I don’t think I express how influential of a year 1996 was in my musical development. What I can express is how grateful I am for that time. Much like the paper airplanes I built during Math class, my musical sensibilities had floated for the better part of my life but were accelerating quicker than I would have liked. I could barely hang on.
That year, my girlfriend of the time gave me Bush’s album “Razorblade Suitcase” right before my family took our annual road trip to Georgia to visit my Dad’s family. From Putnam to Lookout Mountain, Gavin Rossdale’s voices guided me through the persistent questions of adolescence. I couldn’t hear my parents talking through my disc-man headphones, but I’m pretty sure they were wondering what could make their middle child so quiet for such a long time. I might have even missed the litany of family jokes that always accompanied our annual Christmastime pilgrimage. Not that I cared at the time, those jokes were old by that point. But now, as a parent, I don’t miss an opportunity to tell my family the same jokes I dismissed as “old fart-isms” as a preteen. Those jokes are buoys that anchor me to a time when I needed a reminder to not take myself so seriously. In retrospect, I have to say that “Razorblade Suitcase” was a much better gift that the one my girlfriend received, a big blue balloon that had been miraculously filled with tissue paper and a stuffed bear… Maybe that’s why we broke up soon after the Christmas break. I’ll ask her on facebook someday.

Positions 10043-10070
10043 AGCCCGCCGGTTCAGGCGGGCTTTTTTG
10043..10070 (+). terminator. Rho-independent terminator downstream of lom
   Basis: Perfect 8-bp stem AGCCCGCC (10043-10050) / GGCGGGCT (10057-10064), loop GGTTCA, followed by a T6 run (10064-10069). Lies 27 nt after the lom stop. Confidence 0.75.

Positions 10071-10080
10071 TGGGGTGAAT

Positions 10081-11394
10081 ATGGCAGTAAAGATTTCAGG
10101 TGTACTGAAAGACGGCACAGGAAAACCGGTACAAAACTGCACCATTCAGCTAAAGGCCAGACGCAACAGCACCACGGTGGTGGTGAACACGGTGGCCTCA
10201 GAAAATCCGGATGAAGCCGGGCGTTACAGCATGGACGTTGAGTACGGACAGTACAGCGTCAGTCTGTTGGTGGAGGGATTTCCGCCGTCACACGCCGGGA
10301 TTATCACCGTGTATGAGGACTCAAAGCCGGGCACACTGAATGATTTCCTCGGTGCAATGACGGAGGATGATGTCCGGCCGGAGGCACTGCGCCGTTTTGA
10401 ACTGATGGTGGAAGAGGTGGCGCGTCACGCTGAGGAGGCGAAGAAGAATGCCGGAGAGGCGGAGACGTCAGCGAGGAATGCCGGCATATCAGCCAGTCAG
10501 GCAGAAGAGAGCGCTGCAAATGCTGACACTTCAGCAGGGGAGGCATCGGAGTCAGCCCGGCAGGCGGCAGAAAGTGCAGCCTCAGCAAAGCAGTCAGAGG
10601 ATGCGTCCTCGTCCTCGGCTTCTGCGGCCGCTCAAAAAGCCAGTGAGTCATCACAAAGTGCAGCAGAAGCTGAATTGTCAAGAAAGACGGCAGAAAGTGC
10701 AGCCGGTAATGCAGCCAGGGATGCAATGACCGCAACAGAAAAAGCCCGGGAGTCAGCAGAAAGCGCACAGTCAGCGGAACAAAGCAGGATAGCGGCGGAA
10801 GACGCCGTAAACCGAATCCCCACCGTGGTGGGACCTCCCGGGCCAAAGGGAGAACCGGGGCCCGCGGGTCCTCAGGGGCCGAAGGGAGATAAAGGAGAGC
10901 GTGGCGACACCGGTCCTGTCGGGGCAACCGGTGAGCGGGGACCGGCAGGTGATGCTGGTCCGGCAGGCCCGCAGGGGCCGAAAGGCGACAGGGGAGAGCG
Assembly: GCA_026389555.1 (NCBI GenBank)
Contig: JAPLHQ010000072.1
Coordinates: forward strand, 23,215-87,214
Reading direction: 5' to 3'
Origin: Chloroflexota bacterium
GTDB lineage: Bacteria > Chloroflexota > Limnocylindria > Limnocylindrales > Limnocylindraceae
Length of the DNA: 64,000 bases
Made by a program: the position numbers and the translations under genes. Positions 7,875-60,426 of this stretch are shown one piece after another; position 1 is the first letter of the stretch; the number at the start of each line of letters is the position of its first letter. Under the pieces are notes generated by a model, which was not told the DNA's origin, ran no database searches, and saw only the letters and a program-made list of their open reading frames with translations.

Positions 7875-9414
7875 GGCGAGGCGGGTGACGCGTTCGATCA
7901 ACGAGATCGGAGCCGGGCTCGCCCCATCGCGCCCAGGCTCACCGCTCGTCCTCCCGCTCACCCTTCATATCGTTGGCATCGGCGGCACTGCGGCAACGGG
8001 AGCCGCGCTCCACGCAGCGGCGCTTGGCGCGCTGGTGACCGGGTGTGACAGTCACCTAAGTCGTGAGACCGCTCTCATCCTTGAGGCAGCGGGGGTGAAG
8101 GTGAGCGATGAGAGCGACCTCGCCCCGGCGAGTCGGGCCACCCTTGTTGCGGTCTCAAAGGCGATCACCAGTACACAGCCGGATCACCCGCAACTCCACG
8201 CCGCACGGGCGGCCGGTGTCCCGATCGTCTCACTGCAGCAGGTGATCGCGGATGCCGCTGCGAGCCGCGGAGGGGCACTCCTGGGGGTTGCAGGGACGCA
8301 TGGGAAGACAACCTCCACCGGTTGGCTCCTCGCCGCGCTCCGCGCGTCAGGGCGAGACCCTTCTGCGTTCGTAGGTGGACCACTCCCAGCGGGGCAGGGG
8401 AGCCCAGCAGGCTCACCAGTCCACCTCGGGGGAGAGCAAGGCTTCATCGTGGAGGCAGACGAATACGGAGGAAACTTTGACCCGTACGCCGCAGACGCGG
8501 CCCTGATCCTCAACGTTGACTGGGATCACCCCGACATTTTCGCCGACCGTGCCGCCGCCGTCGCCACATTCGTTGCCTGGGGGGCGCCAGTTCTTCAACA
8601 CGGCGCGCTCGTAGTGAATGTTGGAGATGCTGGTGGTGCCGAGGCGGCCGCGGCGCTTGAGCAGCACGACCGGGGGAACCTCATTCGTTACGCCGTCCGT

1996 was a year of upheaval and transition for me. Spiritually, I was asking deeper questions. Physically, everything was shifting and changing. Emotionally, I was in vertigo, most days in an existential tailspin. It was the year I began high school. It was also the year I discovered Punk Rock music. Looking back, I have to admit that my first venture into punk rock was rather innocuous. For some reason I purchased a copy of MXPX’s “pokinatcha.” I’m pretty sure that the alum had something like 20 songs on it and timed in at a little under 30 minutes. I’m not given to brevity generally, and I didn’t really get it at first. But, each time I played the album I fell more in love with the simplicity and audacity of three guys playing four chords for 30 minutes and calling it music. There’s much more to my punk rock story than this. But, that album was where it all began for me. So, if you ever wore plaid shorts, suspenders and strapped on your Chuck Taylors every morning, this one’s for you.